There was a report over the weekend that a national police campaign had established that 97% of drivers were found to be complying with the safety belt law. Is it any wonder that the Spanish have difficulty in believing any statistics unless they are given to a [totally specious] three places of decimals?

If any of you are thinking of doing the pilgrimage to Santiago de Compostela, you might like to know that, if you walk all the way from Roncesvalles, it will consume 100,000 kilocalories. The same amount of energy as expended in childbirth, apparently. There’s an image.

Sunday, November 21, 2004

Driving across the bridge into town, I usually take Avenida de Colón. This is not, as you might think, Avenue of the Lower Intestine, but Avenue of Columbus. It all depends on the accent. Anyway, although it glories in five lines, these are invariably reduced to just one by legal and illegal parking. So it’s lucky it’s a one-way street. However, as I meandered along it last night, I met a car coming the other way. Happily, the driver had his emergency lights on and in Spain this makes everything perfectly OK. The universal belief is that, paradoxically, the flashing amber lights render the car non-existent.

After an excellent lunch of squid and Albariño today, I polled along to the regular Sunday flea market in Vegetables Square. Possibly because it’s winter, this has gone downhill since my last visit. Always something of a joke, it’s now dominated by gypsies offering the rakings from the house, garden and cow shed of the latest peasant to die in the mountains. Or, quite possibly, his or her rubbish tip. The place was overflowing with items that are not even at risk of being stolen in a billion years, let alone bought.

The precocious 9 year old I wrote about the other day appears to have been Spain’s contestant for, would you believe, Junior Eurovision. In fact, she won it last night. This explains why we were treated this morning to an extra dose of prepubescent groinding on the the TV.

En passant, just one person read my blog yesterday, against 20 or so in each of the previous five days. I considered shooting myself but then discovered that, when you type ‘Galicia Pontevedra’ into Google, you get 450,000 matches, of which the first two are my web page and blog. On such small threads does life hang in the balance. I must get out a bit more.

Saturday, November 20, 2004

The police have announced one of their annual campaigns, this time against uninsured motorists. Time to keep these vehicles off the road for a while, then. Meanwhile, there was another depressing accident outside Pontevedra this week. Two young people died when their car hit a retaining wall at the side of the road. It was 4 in the afternoon, the weather was perfect and no other car was involved. Some evidence, one might have thought, that the police should do more to curb the high speeds on Spain’s dangerously bendy motorways.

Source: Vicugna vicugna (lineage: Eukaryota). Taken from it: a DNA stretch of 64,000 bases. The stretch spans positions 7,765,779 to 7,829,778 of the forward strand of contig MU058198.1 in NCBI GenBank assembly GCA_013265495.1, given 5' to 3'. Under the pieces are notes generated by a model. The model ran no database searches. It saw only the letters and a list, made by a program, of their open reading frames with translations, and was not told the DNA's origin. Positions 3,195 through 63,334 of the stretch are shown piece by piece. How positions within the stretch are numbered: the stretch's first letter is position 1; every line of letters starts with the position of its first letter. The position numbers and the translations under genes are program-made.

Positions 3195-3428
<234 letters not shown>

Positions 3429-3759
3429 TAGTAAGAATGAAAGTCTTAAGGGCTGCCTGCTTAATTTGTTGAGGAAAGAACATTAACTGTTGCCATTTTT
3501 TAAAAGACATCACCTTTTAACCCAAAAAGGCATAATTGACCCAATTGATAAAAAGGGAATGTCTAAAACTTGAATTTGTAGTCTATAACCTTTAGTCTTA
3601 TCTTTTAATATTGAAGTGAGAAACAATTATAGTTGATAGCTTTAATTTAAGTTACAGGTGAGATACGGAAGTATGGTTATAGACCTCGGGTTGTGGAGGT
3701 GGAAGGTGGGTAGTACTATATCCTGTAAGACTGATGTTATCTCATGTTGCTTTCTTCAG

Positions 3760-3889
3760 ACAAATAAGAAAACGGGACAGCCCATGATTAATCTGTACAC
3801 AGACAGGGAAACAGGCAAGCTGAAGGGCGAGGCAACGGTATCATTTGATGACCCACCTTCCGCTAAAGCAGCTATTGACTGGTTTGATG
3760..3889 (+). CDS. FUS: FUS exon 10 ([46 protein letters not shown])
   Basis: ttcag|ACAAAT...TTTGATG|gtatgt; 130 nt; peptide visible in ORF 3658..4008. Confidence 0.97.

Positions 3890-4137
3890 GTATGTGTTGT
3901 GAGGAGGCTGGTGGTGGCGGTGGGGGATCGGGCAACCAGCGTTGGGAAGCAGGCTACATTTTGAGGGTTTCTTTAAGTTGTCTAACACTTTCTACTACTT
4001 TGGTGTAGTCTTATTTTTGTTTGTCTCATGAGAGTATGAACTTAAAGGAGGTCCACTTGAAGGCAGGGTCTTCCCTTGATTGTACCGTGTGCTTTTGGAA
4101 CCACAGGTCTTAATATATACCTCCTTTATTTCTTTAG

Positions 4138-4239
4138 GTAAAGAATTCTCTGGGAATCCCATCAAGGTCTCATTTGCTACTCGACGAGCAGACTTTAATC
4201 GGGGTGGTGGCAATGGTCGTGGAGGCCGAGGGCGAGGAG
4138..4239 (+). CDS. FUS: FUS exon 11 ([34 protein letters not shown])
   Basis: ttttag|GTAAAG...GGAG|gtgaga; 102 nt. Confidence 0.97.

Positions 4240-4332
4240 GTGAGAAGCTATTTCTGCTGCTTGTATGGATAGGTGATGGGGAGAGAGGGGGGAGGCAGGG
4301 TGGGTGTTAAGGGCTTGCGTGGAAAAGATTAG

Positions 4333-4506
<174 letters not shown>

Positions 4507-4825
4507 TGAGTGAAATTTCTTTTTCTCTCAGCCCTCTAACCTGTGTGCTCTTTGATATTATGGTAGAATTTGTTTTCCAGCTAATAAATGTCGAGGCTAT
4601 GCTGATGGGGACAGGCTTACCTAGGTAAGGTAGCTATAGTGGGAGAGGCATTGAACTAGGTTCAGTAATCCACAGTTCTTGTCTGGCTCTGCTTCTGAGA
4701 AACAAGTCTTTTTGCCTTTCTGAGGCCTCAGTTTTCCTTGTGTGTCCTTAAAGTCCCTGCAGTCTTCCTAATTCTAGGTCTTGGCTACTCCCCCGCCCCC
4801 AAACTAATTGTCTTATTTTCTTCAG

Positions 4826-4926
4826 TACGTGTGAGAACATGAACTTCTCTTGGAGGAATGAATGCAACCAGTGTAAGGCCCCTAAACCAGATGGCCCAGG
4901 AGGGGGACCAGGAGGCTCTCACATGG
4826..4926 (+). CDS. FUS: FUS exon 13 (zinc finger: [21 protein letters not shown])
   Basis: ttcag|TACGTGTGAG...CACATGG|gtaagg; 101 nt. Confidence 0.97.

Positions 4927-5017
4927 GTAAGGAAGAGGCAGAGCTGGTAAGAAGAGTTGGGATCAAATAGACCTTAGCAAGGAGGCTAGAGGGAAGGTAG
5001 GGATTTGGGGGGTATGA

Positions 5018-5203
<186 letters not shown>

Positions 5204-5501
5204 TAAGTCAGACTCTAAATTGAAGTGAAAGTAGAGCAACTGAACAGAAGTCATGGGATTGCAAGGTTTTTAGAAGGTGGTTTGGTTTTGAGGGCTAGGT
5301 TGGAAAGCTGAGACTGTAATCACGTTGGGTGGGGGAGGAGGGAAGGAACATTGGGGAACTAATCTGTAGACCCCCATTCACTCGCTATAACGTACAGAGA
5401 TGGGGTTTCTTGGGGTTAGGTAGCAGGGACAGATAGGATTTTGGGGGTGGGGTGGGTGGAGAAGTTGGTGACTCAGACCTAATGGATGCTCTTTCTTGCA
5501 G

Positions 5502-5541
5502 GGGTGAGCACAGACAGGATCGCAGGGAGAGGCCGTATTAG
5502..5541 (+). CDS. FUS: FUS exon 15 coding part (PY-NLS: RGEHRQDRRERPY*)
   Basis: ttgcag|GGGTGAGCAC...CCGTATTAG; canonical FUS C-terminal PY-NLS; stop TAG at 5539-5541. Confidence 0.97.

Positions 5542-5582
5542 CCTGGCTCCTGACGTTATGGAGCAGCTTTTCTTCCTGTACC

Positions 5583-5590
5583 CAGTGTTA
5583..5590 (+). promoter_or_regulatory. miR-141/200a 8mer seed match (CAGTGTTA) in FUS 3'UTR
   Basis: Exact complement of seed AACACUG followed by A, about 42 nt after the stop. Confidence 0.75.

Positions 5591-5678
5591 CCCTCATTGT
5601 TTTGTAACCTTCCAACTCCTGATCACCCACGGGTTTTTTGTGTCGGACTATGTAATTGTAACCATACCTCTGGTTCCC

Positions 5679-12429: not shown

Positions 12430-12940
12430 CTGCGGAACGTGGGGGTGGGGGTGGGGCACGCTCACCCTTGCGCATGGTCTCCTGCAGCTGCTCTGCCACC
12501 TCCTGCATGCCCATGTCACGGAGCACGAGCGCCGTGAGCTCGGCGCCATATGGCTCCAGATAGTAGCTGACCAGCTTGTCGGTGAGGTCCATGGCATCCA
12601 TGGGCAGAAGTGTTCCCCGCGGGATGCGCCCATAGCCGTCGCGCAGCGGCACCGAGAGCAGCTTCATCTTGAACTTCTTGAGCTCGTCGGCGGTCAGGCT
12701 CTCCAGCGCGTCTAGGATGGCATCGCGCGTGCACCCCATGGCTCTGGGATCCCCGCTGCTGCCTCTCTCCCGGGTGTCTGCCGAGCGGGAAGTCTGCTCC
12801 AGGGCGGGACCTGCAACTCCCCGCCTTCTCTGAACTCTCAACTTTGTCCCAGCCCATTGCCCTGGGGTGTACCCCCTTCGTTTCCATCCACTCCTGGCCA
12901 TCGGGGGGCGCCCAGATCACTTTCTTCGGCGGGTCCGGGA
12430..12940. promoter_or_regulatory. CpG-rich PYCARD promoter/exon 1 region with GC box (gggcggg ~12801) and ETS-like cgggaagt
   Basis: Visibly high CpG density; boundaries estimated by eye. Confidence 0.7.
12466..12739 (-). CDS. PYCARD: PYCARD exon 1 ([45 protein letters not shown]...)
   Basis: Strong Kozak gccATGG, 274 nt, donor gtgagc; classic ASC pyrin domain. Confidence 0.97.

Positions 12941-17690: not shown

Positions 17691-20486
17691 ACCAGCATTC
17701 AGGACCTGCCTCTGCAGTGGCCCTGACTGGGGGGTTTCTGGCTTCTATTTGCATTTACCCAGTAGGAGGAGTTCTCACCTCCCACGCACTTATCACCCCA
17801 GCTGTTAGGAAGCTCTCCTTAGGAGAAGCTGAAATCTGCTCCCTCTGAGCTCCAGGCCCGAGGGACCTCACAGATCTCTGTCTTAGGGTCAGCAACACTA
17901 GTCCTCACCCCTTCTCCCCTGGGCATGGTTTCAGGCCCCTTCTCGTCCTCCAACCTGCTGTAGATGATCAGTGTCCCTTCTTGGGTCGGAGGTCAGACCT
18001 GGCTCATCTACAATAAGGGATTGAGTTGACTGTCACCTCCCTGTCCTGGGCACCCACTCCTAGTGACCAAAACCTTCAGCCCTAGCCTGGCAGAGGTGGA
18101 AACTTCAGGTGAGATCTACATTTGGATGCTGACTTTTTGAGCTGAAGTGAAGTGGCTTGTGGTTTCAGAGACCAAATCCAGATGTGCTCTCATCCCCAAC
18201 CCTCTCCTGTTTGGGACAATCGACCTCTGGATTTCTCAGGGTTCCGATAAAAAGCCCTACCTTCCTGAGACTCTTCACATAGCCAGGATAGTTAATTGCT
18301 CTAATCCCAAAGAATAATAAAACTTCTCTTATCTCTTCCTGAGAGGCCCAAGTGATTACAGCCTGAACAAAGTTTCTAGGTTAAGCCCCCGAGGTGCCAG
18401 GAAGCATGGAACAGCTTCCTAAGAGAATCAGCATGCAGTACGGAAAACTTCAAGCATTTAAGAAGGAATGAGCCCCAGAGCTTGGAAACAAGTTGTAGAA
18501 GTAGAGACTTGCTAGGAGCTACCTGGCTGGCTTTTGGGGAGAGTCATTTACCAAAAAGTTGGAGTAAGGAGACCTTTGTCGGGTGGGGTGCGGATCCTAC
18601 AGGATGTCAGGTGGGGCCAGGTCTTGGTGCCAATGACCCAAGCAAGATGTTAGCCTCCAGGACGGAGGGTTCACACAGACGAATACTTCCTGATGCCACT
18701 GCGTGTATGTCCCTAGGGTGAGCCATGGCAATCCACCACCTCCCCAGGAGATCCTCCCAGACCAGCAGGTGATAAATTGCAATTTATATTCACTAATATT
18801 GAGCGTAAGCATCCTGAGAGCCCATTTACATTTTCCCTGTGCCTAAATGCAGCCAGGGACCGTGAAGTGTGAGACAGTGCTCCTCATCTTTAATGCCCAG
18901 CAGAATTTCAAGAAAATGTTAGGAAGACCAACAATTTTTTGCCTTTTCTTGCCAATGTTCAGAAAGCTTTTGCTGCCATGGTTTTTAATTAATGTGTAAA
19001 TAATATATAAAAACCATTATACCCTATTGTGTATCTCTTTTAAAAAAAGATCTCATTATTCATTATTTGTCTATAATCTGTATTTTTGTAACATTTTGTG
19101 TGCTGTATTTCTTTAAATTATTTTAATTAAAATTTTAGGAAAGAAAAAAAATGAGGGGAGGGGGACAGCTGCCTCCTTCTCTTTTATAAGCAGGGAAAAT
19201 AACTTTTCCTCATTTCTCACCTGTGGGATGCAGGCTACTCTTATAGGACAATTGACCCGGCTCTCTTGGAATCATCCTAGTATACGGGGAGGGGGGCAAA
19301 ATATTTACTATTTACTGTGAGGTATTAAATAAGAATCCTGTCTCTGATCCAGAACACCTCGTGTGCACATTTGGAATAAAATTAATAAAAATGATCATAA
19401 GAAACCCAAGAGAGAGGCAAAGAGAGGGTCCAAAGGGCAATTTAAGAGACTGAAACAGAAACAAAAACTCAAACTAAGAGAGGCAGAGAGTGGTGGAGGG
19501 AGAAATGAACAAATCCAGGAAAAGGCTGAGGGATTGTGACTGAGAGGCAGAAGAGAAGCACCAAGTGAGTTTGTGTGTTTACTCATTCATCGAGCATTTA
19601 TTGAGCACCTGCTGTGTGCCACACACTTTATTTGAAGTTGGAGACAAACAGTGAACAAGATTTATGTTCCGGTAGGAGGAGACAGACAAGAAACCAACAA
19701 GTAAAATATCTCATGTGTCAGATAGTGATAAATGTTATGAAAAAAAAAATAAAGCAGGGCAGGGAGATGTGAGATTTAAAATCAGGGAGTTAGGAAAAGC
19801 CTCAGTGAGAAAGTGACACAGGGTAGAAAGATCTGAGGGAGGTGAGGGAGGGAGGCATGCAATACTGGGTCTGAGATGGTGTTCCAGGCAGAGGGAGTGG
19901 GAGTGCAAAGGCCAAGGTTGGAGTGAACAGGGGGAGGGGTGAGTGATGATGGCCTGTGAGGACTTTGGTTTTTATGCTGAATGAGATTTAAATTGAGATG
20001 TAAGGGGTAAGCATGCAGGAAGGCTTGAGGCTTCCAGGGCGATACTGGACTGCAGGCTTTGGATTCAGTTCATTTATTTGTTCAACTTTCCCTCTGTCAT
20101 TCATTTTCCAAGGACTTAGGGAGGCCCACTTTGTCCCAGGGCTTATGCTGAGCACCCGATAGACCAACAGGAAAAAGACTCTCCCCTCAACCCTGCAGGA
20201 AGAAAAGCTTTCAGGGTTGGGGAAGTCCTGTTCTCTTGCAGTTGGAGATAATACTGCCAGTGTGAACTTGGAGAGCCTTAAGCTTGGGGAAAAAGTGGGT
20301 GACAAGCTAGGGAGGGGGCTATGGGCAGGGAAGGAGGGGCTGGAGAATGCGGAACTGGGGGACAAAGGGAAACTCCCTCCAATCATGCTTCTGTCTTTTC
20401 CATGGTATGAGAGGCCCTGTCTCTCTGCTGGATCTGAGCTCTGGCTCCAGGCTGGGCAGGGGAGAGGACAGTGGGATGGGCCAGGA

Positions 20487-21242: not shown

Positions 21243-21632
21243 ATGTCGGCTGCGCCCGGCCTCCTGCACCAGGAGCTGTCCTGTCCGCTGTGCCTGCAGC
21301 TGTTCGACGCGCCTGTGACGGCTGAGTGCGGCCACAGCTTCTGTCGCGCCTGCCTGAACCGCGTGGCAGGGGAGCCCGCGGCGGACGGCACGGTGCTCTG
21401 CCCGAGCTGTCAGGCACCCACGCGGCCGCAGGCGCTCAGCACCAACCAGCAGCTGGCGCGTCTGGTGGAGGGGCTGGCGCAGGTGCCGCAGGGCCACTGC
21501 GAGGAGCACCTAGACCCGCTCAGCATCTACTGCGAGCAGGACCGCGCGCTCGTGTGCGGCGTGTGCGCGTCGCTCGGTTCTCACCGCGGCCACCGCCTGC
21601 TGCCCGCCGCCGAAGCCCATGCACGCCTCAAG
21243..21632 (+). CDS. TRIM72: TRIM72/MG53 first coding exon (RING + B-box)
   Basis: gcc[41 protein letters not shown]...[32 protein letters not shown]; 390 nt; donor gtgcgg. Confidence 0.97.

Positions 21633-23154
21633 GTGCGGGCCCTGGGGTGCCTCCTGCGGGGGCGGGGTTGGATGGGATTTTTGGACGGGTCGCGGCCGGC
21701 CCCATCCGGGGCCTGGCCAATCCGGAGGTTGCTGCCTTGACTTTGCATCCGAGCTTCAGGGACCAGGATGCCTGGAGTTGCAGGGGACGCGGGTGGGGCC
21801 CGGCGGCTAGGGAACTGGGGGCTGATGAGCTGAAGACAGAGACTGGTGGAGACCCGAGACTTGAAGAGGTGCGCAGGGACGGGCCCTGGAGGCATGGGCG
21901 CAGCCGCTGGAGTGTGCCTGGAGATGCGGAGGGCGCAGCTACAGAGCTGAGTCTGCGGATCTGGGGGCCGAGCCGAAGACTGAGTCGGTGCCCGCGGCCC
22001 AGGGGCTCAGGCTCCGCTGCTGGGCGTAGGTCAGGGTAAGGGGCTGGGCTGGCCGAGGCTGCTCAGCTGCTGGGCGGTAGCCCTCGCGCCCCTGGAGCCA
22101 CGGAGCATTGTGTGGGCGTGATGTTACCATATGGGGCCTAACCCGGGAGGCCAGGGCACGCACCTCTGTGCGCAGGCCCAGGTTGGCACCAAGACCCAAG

Over in the UK, house prices may well be cooling, falling even, but here in Spain ‘el bum’ continues; the latest statistic is an annual increase of 17%.

Interesting banner at the big Barcelona-Madrid soccer game tonight. Knowing that few people would understand Catalan and preferring to die rather than put anything in Spanish, the authors had opted for English. It read “Catalunia is not part of Spain”. Which reminds me, it is now official that Catalan and Valencian are the same language. An amusing cartoon in El Pais today featured just a Catalan-Valencian dictionary.

I discovered yesterday that, in one of my blogs, I had written ‘plunging necklaces’ instead of ‘plunging necklines’. The interesting thing is that I also found, via Google, that I was far from being the only person to have made this slip. Well, I thought it was interesting.

Friday, November 19, 2004

Well, a much wider range of comments on the race issue in today’s Spanish press. Most impressively, several senior politicians – possibly aware now of the damage to Madrid’s Olympic ambitions – have expressed the sentiments to be expected of them. And it is even reported this afternoon that the Spanish football authority has finally expressed regret. At the other end of the spectrum, there are commentators who take the view that it didn’t happen; or, if it did, it was provoked by the British media off the field and Rooney on it; and that it was only a joke; and from a small part of the crowd; and the British are racists too, for calling the French ‘cheese-eating surrender monkeys’; and the orchestrated reaction of British politicians, especially Mr Blair, is a conspiracy to destroy Madrid’s competing bid for the 2012 Olympics. In between these two extremes, there have been some thoughtful columns and letters from people who have clearly grasped the full significance of the affair. One writer touchingly admitted that it had acquainted him with the ugly truth that he was a latent racist. So, perhaps some good will come out of it in the end.

Meanwhile, The Economist has pronounced that Ireland has the best quality of life in the world. Spain comes in at no. 10 but the UK at only 29, behind France at 26 and Germany at 28. I naturally have no difficulty with Spain’s ranking, though I confess to finding it hard to credit that Norway is in the top 3. Difficult to believe that people are queuing to get in, even from Estonia. But I could be very wrong on this.

The UK also fared badly in the EU fraud stakes. According to the Audit Office only a piffling 6% of Britain’s agricultural claims were found to be false in 2003, whereas Italy managed something like 23% and Spain 21%. Some pathetic Scandinavian countries could barely achieve 1%. Unimaginative Calvinists, obviously.